Because it is still a federal crime to promote the sale of a controlled substance, and your license is doled out by the federal government, radio station owners have been reluctant to take ads promoting legal marijuana sales. The legal advice up to now has been that it could become an issue at license renewal time so don’t risk it.
It was a topic of conversation at Radio Ink’s Hispanic Radio Conference in Miami last week with broadcast attorney Frank Montero sticking to his advice of playing it safe rather than putting your license at risk.
Radio could use a jolt of revenue from a new category, as it has from sports betting as that becomes legal in more states around the country. Cannabis revenue is flowing nicely on cable TV, satellite, the Internet, in print and magazines, on billboards and social media platforms. They are all free to accept and transmit these advertisements while radio and TV stations sit on the sidelines in fear of what the government will do to them.
On Friday, the House Appropriations Committee advanced the FY 2023 Financial Services and General Government appropriations bill which included language that would prevent the FCC from taking administrative action against broadcasters that accept cannabis advertisements consistent with the law of the state or jurisdiction in which the station is licensed.
We asked Montero to give us his thoughts on that bill and what it means for broadcasters now. ” First, it is still only a bill so I would advise broadcasters to still not take cannabis ads. But once the Appropriations Bill becomes law, then what? The answer to that question is still slightly complicated. I would say that broadcasters would then be safe from FCC action for one year as a result of the Appropriations Bill provision. However, remember that this appropriations is only good for one year. Also, it is not clear to me that the Appropriations Bill provision, if enacted, would clear broadcasters or anyone else from aspects of the Federal Controlled Substances Act that make it illegal to promote the sale of a controlled substance. However, it seems unlikely that other branches of the US Government (DEA or Dept of Justice) would go after broadcasters for running ads under the Controlled Substances Act if the FCC was not allowed to enforce the provision. So in that case, it would be safer for broadcasters to take the ads and it would put broadcasters on a more-equal footing with, say, billboards, websites, or newspapers.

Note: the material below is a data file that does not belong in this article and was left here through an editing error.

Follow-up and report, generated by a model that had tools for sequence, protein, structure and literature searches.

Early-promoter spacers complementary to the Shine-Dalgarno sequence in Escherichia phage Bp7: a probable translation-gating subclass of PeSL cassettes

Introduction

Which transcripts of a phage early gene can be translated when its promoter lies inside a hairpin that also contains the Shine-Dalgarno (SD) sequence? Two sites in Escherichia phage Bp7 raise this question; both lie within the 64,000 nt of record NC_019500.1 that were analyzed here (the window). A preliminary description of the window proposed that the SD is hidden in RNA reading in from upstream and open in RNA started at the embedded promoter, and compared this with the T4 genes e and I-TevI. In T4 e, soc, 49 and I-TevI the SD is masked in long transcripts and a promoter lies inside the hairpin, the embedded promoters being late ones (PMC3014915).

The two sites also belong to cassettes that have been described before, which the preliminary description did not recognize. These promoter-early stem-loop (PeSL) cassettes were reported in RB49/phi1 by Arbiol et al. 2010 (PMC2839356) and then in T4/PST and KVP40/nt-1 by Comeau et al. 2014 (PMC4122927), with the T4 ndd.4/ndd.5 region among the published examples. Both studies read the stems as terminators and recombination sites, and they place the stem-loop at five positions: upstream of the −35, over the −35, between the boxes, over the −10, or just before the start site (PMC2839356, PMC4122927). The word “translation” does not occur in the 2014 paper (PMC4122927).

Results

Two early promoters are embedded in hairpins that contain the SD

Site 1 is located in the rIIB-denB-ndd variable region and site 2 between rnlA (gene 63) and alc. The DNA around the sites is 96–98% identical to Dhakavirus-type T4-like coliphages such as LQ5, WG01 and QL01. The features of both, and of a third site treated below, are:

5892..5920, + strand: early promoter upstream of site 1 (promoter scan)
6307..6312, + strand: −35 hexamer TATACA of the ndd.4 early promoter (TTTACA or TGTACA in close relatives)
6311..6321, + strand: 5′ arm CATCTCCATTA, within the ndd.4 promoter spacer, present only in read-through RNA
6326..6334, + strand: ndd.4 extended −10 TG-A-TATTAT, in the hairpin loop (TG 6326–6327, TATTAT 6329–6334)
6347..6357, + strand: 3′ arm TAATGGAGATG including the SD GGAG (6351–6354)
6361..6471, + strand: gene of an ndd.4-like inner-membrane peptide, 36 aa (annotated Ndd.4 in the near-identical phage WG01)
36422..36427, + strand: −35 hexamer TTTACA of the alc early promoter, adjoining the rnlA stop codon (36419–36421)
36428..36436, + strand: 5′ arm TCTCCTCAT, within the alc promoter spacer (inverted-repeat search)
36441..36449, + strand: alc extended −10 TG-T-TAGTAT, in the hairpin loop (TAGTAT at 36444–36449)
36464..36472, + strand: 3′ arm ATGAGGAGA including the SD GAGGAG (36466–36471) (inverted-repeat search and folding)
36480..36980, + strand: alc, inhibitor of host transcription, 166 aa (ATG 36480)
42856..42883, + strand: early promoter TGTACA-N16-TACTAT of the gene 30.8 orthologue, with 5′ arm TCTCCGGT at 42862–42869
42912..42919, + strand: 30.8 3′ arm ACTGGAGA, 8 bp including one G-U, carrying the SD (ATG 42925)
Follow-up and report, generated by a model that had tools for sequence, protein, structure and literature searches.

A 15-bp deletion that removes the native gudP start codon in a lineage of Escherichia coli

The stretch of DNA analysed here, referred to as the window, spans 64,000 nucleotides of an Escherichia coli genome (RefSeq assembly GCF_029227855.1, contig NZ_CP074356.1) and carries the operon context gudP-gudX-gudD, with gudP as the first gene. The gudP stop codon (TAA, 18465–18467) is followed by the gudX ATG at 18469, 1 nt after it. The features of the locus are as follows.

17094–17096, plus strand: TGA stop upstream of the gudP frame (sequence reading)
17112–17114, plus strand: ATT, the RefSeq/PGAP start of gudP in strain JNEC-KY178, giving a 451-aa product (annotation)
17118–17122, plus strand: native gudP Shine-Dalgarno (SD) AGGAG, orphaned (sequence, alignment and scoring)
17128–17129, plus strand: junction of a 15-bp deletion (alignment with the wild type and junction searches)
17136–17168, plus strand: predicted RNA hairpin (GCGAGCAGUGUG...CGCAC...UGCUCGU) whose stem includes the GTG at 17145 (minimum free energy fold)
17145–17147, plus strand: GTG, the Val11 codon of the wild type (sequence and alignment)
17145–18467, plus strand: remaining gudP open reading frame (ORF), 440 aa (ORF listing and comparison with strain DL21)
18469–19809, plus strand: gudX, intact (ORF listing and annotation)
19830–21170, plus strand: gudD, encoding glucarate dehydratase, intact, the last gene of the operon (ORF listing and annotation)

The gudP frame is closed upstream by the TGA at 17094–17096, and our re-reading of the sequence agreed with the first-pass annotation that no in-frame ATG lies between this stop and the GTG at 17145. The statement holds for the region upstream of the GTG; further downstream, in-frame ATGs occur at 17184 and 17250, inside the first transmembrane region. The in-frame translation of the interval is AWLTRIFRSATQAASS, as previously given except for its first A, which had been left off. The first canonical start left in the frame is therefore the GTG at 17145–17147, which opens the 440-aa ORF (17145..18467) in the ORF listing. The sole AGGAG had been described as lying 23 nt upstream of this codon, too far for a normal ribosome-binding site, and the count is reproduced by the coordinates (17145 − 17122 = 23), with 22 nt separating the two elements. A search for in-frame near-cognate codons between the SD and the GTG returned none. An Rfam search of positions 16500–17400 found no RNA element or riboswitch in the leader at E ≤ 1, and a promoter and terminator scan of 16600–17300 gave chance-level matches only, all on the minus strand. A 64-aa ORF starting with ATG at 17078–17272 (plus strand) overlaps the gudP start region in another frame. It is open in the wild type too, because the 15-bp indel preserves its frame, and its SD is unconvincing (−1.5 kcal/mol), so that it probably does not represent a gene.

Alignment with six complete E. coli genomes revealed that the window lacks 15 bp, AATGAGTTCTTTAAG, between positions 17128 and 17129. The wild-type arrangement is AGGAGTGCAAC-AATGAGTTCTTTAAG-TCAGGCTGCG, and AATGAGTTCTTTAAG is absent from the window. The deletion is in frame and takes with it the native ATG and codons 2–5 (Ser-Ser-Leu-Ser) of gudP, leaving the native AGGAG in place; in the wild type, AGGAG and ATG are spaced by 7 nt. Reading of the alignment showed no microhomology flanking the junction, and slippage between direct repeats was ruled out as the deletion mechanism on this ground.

The NAB also chimed in on the Bill. “As the vast majority of states have legalized cannabis in some form, today marks a long overdue step toward finally allowing broadcasters to receive equal treatment regarding cannabis advertising that other forms of media have had for years. While we welcome today’s progress, local broadcasters will continue to work with all policymakers towards a broader resolution of this competitive disparity and in support of our unique service to local communities.”
New York States Broadcasters Association President David Donovan also cheered the Bill. “We are grateful to House Appropriations Committee Chairwoman Rosa DeLauro, Subcommittee Chairman Mike Quigley and members of the Committee for recognizing the unfairness of the present situation with respect to cannabis advertising. The provision in this House appropriations bill is a major step forward for leveling the playing field for local broadcasters. We believe the law of the state in which a station is licensed should determine whether a station can accept cannabis advertising if they so choose. We look forward to working with members of Congress and the Administration to help restore parity between local broadcasters and other media outlets.”